Resignation Eclipses Hope in China's Rust Belt
Hence a recent history of unrest.
In March 2002, two of the country's largest demonstrations
erupted in the Northeast, a region lauded as an industrial
utopia under Mao Zedong but long since past its glory.
Worker demands for unpaid benefits at the oil fields of
Daqing and protests in the flagging smelting town of Liaoyang
and elsewhere forced Beijing to tackle the plight of the urban
The province of Heilongjiang -- which makes up the rust
belt, together with Liaoning and Jilin -- is expecting almost 2
million more people to be out of work in the next two years, up
from about a million at the end of 2003.
And that's just the official number. Many workers are
classified not as unemployed but as "laid-off" -- they still
receive a modicum of social security from old work units and
perhaps a pittance in salary, but no longer go to work.
They are a common sight on street corners in the Northeast,
holding aloft wooden boards with roughly painted characters
advertising their expertise, hoping for day jobs as laborers.
Finding permanent jobs is difficult, despite the government
throwing money at new labor exchanges and re-training.
"It's next to impossible for someone like me to get work,"
said electrician Ning Baoquan, 50, who was laid off when the
tractor factory that employed him shut last year.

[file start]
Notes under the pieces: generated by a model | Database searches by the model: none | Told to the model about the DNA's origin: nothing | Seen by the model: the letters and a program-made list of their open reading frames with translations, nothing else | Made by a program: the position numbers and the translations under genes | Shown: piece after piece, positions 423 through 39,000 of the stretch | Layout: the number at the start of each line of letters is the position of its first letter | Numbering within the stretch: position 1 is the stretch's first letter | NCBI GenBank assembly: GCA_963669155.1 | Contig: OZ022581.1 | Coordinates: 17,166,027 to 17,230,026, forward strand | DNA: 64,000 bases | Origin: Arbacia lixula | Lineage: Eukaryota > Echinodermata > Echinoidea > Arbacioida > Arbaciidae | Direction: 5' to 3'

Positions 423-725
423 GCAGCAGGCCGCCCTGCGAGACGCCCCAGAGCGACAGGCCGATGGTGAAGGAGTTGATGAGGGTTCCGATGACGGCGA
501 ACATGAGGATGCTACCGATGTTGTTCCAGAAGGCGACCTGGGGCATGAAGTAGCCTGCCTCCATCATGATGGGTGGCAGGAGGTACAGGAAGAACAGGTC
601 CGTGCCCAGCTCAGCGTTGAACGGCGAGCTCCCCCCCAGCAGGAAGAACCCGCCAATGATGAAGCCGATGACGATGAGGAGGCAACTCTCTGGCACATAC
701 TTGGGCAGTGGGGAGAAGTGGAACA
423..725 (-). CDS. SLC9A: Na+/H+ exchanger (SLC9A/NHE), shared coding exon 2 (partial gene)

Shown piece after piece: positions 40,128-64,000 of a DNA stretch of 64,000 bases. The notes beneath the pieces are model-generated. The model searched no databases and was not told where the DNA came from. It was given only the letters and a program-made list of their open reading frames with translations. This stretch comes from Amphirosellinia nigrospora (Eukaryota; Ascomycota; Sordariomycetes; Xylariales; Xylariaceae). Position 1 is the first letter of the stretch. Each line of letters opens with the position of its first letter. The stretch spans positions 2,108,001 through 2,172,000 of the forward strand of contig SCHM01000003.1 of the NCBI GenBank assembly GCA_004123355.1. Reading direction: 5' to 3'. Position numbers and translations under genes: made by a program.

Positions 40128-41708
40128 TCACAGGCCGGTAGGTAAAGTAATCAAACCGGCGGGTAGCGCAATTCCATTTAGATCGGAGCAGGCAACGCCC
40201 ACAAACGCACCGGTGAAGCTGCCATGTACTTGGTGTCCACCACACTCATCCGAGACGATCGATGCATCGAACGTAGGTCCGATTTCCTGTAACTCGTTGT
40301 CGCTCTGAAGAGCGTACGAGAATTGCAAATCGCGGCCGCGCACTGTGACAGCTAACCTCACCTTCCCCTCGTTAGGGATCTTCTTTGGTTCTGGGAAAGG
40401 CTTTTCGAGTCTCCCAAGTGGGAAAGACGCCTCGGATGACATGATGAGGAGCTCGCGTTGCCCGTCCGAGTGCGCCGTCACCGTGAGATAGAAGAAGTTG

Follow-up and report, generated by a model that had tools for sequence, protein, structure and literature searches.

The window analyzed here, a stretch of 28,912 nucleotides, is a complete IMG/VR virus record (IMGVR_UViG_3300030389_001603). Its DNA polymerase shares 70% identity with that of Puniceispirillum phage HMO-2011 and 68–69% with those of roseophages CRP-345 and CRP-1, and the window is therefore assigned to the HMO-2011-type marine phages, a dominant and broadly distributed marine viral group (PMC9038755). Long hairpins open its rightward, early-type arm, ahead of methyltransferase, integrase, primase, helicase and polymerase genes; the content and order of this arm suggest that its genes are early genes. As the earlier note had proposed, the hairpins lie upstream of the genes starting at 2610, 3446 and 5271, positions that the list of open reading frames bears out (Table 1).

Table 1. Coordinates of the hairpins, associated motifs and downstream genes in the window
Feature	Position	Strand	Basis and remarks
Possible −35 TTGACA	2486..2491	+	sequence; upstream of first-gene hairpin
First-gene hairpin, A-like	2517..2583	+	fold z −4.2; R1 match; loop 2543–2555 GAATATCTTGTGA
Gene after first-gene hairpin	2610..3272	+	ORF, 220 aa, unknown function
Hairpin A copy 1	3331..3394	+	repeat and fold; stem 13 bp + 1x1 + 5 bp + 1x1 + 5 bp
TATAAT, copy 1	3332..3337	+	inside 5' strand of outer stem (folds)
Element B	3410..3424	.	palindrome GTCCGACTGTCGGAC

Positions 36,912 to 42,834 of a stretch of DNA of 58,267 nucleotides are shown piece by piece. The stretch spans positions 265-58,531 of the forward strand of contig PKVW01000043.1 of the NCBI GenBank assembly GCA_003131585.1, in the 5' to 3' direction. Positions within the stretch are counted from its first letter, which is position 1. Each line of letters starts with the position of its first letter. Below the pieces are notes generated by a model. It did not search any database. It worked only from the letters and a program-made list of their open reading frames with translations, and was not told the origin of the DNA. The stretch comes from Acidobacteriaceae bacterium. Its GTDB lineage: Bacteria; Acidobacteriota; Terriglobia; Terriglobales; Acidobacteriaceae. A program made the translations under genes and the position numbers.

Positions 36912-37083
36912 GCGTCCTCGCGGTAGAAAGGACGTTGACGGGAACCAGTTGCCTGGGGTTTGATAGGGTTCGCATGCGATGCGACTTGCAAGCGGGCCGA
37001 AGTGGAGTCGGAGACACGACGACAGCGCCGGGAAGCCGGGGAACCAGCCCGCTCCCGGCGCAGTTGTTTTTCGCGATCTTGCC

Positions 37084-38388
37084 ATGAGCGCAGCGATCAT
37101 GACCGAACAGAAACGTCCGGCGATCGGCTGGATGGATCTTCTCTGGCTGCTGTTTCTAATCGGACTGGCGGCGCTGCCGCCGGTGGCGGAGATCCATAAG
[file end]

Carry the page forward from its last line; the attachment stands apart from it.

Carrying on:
"I just don't have the skills for any of these," he said,
looking gloomily at an electronic board displaying openings at
a Shenyang jobs center, many advertising for people under 35.
Even when they find jobs, former state sector workers may
not stick them out.
"They're not used to hard work," said one Western executive
based in Shenyang. "They try it for a week and then quit,
saying they can't cope and that they can survive perfectly well
on government assistance."
It's attitudes like that the government wants to change.
The registered unemployed are allowed to walk away from
three jobs before their social security -- about 200 yuan a
month -- is suspended, said Wang Yonglan, director of
Shenyang's employment bureau.
"But for many of these workers the only skill they may have
is the ability to turn a screwdriver," she lamented.
And the Northeast is rapidly becoming a source of labor for
the rest of China -- 110,00 people left Shenyang last year to
find work elsewhere. The city even encourages richer provinces
to hold employment fairs.
So what does the future hold for Qu?
"I want to go to Taiwan. I want to become a pop star."
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